I agree that the tension gauge is not needed to build conventional wheels. It would be nice if building low spoke count wheels howevers. Honestly though, if I had an extra C-note burning a hole in my pocket, a tension gauge would be a very nice purchase.
|Park TS-2 and Dishing tools||Calvin|
Jun 14, 2002 1:03 PM
|The TS-2 should do an adequate job dishing, but for accurate work, a dishing tool is recommended. The TS-3 is able to replace a dishing tool. The TS-2 can do just as accurate a job when used with a dishing tool. For use of a dishing tool see http://www.parktool.com/repair_help/howfix_truing.shtml By the way, even new wheels should be checked for dish. |
|Park TS-2 and Dishing tools||Chen2|
Jun 16, 2002 6:53 PM
|Thanks Calvin. I bet I can center a rim just as accurately, within a fraction of a mm, using only the TS-2. But I haven't tried a dishing tool yet, so I could be wrong and I should not be recommending my technique to others since I haven't actually used a dishing tool. My mistake.
Jun 14, 2002 1:37 PM
|Hey, if you're plunging down the mountain in wet weather and the brakes don't work to well what does that say about the friction between the tires and the road surface? Do you really want to be descending at 50 mph on wet or damp roads? Just remember you need to swap your brake pads when you switch between ceramic and non-ceramic rims. Question: If everyone is so obsessed with climbing wheels how come no one builds _descending_ wheels? ;-b It's a rhetorical question. |
The ca'ts meow would be to use disc brakes on a road bike, but the design issues of the frame and fork have to be addressed first and then there's the weight issue. I'm kinda surprised it hasn't caught fire by now - the technology and parts are there and is being proven on tandems and now CX bikes. Avid even makes a cable disc now with the correct leverage ratio to be used with non-linear pull brake levers (i.e. road). Anyone who's spent any time in the MTB world can really appreciate and atest to the difference.
You're right on the tools to buy - some purists will maintain that all you need is a spoke wrench, an old bike frame, and some duct tape. It's much easier with the nice tools available. I would add the "Wheelbuilding" book that is out now - more instructional than Brandt's book. If you can get your hands on the training manual for the DT/UBI courses taught in Portland, OR you'll find it quite helpful. the important thing to realize is that it takes practice, time and experience to build decent wheels. It's better to stick with some less exotic designs in the beginning. When it's all done you really won't save any money - do it if you want to learn new skills and have the patience to fiddle around until you get it right. You'll soon realize that paying a skilled builder $40 per wheel built is a bargain.
|...riding your own set of wheels = priceless (nm)||Stampertje|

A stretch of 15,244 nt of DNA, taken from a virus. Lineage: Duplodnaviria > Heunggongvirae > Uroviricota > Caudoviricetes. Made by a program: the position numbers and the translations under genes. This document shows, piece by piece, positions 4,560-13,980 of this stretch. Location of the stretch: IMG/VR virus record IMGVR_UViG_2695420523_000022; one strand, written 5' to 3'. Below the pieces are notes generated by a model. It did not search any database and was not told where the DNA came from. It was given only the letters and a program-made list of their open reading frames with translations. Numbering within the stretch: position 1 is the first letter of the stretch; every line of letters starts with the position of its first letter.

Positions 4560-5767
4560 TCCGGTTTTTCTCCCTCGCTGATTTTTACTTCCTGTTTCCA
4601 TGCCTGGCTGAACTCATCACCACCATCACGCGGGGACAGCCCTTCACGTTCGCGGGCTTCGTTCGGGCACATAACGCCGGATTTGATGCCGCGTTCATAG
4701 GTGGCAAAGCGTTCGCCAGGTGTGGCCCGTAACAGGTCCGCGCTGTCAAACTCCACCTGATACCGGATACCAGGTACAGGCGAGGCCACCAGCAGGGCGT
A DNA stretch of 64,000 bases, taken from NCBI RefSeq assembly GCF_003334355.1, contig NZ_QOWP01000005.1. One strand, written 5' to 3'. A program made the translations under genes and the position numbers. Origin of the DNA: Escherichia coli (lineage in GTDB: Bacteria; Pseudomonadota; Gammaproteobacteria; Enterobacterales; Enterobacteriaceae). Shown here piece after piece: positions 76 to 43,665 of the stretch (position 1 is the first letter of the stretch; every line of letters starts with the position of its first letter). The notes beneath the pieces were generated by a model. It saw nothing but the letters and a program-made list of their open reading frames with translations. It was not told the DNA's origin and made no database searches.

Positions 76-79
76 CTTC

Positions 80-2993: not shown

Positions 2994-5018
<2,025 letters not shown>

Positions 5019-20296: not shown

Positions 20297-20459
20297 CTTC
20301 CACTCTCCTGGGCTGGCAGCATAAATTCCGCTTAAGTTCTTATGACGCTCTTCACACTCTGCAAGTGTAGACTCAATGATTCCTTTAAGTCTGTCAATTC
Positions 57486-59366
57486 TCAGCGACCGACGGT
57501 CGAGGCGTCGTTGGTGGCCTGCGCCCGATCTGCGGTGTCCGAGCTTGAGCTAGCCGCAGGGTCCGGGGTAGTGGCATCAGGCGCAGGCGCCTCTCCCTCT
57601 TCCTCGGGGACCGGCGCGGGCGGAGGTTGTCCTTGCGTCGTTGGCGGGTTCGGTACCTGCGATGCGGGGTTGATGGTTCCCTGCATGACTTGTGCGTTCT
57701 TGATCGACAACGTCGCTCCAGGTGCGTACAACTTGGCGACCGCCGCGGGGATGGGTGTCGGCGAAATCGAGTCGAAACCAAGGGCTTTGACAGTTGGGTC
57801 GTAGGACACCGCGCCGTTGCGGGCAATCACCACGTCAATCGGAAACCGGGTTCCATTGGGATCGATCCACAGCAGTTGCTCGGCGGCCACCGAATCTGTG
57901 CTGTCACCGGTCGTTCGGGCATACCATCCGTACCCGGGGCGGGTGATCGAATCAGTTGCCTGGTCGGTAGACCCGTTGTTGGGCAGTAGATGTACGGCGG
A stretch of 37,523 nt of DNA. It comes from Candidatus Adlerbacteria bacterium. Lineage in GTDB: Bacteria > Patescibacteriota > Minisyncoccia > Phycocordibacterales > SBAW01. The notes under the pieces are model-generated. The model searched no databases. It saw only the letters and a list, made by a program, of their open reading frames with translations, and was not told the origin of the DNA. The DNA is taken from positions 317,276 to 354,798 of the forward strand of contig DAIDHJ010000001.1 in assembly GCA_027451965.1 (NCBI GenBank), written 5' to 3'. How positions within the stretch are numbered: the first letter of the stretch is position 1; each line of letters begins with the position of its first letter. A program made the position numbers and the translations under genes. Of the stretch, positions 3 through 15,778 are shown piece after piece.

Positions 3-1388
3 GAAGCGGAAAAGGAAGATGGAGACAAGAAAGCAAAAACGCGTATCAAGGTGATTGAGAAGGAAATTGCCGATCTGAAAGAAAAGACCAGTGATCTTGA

Jun 16, 2002 3:59 PM
Jun 17, 2002 4:16 AM
|Everyone serious about bike riding ought to have a truing stand. Taking wheels to a bike shop is expensive and worse ... time consuming. Even if you decide to skip wheel building, buy the stand (a good one) and learn how to true wheels. Its not very hard to do. Loosen one side and tighten the other. Once true. check for roundness. A truing stand is basic equipment like a repair stand. I'd wait on the dishing tool and tensiometer. They aren't necessary for building a set of wheels. |
As far as wheel building goes, you cannot buy the components cheaper from places like Colorado Cyclist or Excel as you can the complete wheel. And those guys build pretty good wheels. Building your own wheels will not save you any money, nor will they be better than what an experienced builder can do. Its time consuming as well (don't you have a kid on the way?). There is a feeling of accomplishment though. I first got into it because I had a lousy set of wheels on this cheap Cannondale I bought and I got sick of hauling them down to the bike shop. Later, another set of machine built ones I got from Performance lost all spoke tension and I decided to try to rebuild them . I got away from it because of the time involved. I'd rather be riding.
|re: theoretical / technical wheel build question||Jekyll|
Jun 13, 2002 12:57 PM
|supposedly (according to Gerd Schraner) the non-drive side spokes are more likely to break because they have less tension. He claims that spokes brake from play between the spoke and the hub and from insufficient spoke tension - by work hardening the spoke head against the hub. He also claims that you cannot brake a spoke by applying to much tension (using a standard profile rim - he claims that you can apply upwards of 270lbs (and 450 on deep profile rims) of tension to the spoke without causing damage though you would probably destroy the rim by doing it). I can't say I've ever broken a spoke on a wheel I've built, but I am hardly an expert on the subject.|